15. System Elements • Components and Subsystems • In the case of an information system, the basic components that interact are:- • The hardware or physical equipment used to process and store data. • The software and procedures used to transform and extract information. • The data that represents the activities of the business. • The network that permits the sharing of resources between computers. • The people who develop, maintain and use the system. Information Systems Department

  16. System Elements • Objectives, Control • Systems have a function, goal or purpose. • This goal can be internalized • e.g. the desired room temperature for a central heating thermostat device or the profit motive in a commercial business enterprise. • This goal can also be imposed from the outside • e.g. when we use a motor car to drive from our home to the shop. • In order for the system to achieve its goal(s), it needs to be able to modify its behavior. • Controlis the mechanism whereby special control signals or, control inputs coming from outside the system, modify the processes and activities which occur within the system. Information Systems Department

  17. System Elements • Objectives, Control • The Controlleris the component or (sub-)system which exercises the control and can be partof or outside the system under consideration. The controller observes the behavior of the system, typically by comparing certain system outputs to the desired state or objective. Information Systems Department

  18. Systems Concepts • Open vs Closed system • (Greater degree with the environments vs. self sufficient (independent)) • Open system : a system that interacts with its environment. • There is in reality no such thing as a closed system, which would have no inputs or outputs and therefore, in a sense, no environment. • Some systems are mainly self-sufficient while other, more open systems have a much greater degree of interaction with their environment. Information Systems Department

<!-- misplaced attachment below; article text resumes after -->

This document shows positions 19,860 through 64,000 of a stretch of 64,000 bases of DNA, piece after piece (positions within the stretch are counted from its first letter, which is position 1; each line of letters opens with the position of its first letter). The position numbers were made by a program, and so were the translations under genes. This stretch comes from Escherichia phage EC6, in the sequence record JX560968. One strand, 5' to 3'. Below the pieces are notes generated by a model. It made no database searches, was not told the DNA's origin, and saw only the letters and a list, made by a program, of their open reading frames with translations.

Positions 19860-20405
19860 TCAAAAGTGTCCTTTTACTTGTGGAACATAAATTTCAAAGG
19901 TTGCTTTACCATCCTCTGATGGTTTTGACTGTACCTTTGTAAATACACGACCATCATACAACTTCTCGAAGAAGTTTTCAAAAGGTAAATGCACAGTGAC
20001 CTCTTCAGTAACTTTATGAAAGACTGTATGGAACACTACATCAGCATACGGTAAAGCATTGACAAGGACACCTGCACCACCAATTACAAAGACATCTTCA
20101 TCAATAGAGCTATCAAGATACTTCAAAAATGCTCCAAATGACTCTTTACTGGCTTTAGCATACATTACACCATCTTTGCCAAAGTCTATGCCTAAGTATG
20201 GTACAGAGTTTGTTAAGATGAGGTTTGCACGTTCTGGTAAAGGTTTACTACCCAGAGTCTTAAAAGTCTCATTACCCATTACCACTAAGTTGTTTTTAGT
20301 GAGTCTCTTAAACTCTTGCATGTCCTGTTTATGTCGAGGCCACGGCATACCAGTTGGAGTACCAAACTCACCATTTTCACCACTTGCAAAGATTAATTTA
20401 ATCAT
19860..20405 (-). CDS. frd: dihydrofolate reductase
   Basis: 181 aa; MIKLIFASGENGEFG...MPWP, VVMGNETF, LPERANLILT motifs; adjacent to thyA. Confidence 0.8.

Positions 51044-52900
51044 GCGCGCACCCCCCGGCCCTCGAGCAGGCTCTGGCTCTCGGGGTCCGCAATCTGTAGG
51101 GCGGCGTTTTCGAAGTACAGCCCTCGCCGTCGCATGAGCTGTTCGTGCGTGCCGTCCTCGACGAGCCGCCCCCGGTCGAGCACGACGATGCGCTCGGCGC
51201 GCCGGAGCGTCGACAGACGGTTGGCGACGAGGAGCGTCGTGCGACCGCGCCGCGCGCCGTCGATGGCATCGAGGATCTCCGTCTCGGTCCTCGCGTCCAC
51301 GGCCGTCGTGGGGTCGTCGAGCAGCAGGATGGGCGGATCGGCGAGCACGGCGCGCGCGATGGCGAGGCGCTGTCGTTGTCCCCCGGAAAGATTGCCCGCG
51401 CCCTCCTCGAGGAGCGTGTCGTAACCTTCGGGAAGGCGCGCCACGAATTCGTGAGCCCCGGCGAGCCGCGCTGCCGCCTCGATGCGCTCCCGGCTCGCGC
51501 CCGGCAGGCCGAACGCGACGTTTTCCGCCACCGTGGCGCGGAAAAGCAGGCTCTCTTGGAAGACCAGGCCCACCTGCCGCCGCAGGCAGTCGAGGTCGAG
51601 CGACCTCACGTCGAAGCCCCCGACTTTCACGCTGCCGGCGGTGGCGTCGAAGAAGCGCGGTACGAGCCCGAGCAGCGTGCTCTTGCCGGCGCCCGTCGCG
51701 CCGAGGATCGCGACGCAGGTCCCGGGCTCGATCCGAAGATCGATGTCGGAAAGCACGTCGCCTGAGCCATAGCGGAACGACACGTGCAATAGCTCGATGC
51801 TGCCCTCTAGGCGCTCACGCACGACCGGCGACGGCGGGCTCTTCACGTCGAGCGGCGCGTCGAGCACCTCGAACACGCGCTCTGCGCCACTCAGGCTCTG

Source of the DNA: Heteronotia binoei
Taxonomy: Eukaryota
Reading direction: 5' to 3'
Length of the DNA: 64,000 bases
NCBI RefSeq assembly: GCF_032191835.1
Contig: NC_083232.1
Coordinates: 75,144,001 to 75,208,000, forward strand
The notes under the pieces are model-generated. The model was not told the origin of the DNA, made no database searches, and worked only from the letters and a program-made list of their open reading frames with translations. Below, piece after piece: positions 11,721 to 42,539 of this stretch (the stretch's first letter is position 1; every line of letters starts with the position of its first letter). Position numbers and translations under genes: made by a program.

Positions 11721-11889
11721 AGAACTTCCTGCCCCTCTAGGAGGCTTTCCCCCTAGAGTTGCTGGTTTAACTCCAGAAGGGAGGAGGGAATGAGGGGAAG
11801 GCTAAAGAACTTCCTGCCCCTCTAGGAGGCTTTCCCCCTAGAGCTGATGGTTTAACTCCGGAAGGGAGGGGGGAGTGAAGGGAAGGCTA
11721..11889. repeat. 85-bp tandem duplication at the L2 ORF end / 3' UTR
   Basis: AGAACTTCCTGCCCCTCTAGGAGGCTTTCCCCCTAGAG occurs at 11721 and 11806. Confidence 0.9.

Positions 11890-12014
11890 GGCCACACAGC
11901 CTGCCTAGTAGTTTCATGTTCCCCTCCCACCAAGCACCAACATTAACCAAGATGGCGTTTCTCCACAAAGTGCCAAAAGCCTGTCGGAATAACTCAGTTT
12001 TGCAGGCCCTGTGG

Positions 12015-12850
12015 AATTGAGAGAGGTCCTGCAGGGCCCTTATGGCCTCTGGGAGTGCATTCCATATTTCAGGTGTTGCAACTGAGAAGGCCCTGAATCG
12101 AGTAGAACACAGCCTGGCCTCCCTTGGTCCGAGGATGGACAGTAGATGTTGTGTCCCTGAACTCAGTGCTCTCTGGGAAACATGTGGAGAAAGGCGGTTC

19. Systems Concepts • Dynamic vs Static • (the more dynamic the system  more flexibility between components  function in different ways as activities change). • A dynamic system: is a system that has at least one (and usually many) activity or process. • A static system: has no activity, whatsoever. • There are very few completely static systems. Information Systems Department

  20. Systems Concepts • Continuous vsDiscrete • A continuous system is a system where inputs (and outputs) can be varied by extremely small amounts or quantities. • A traffic light (robot) is a discrete traffic signaling system because its three lights (green, amber or red) are either on or off. Information Systems Department

  21. Systems Concepts • Continuous vsDiscrete • Discrete systems are systems where the inputs or outputs can take on only certain discrete or distinct values. • A mercury-based thermometer, is a continuous system as the level of mercury rises or falls gradually along with imperceptible fluctuations in the environment’s temperature. • Many electronic systems are a combination of both e.g. a digital thermometer has a sensor that records temperature as a continuous input but displays a temperature reading which has been rounded to the nearest degree. Information Systems Department

  22. Systems Concepts • Structure andHierarchy • The interactions between the various sub-systems and components of a system display some pattern or regularity. In this sense the observer can identify certain relationships, which contribute to the overall behavior of the system. The entire set of relationships is referred to as the structure of the system. • Structure: The physical or symbolic arrangement of the elements of a system refers to the formalized hierarchy or responsibilities and roles of the individuals therein and can also refer to the geographic distribution of inanimate elements at any given time. Information Systems Department

  23. Systems Concepts • Structure andHierarchy • System hierarchy • System within system within system • Subsystem Any component or element that belongs to a system that has a level lower than that of the system itself, for example, an organelle is a subsystem of a cell. • SuprasystemThe system that has a level just higher than a given system. • e.g. physical universe (galaxies -> solar system -> planets -> Earth -> all livings -> etc.) Information Systems Department

  24. Questions .. Thank you for listening Information Systems Department

  25. To understand faster!!! • Please Read Section IV: IS Management of Book(1) Discovering Information systems,Page No. from 120 to 133 for further reading. Information Systems Department

  26. “A good system shortens the road to the goal.” Orison Marden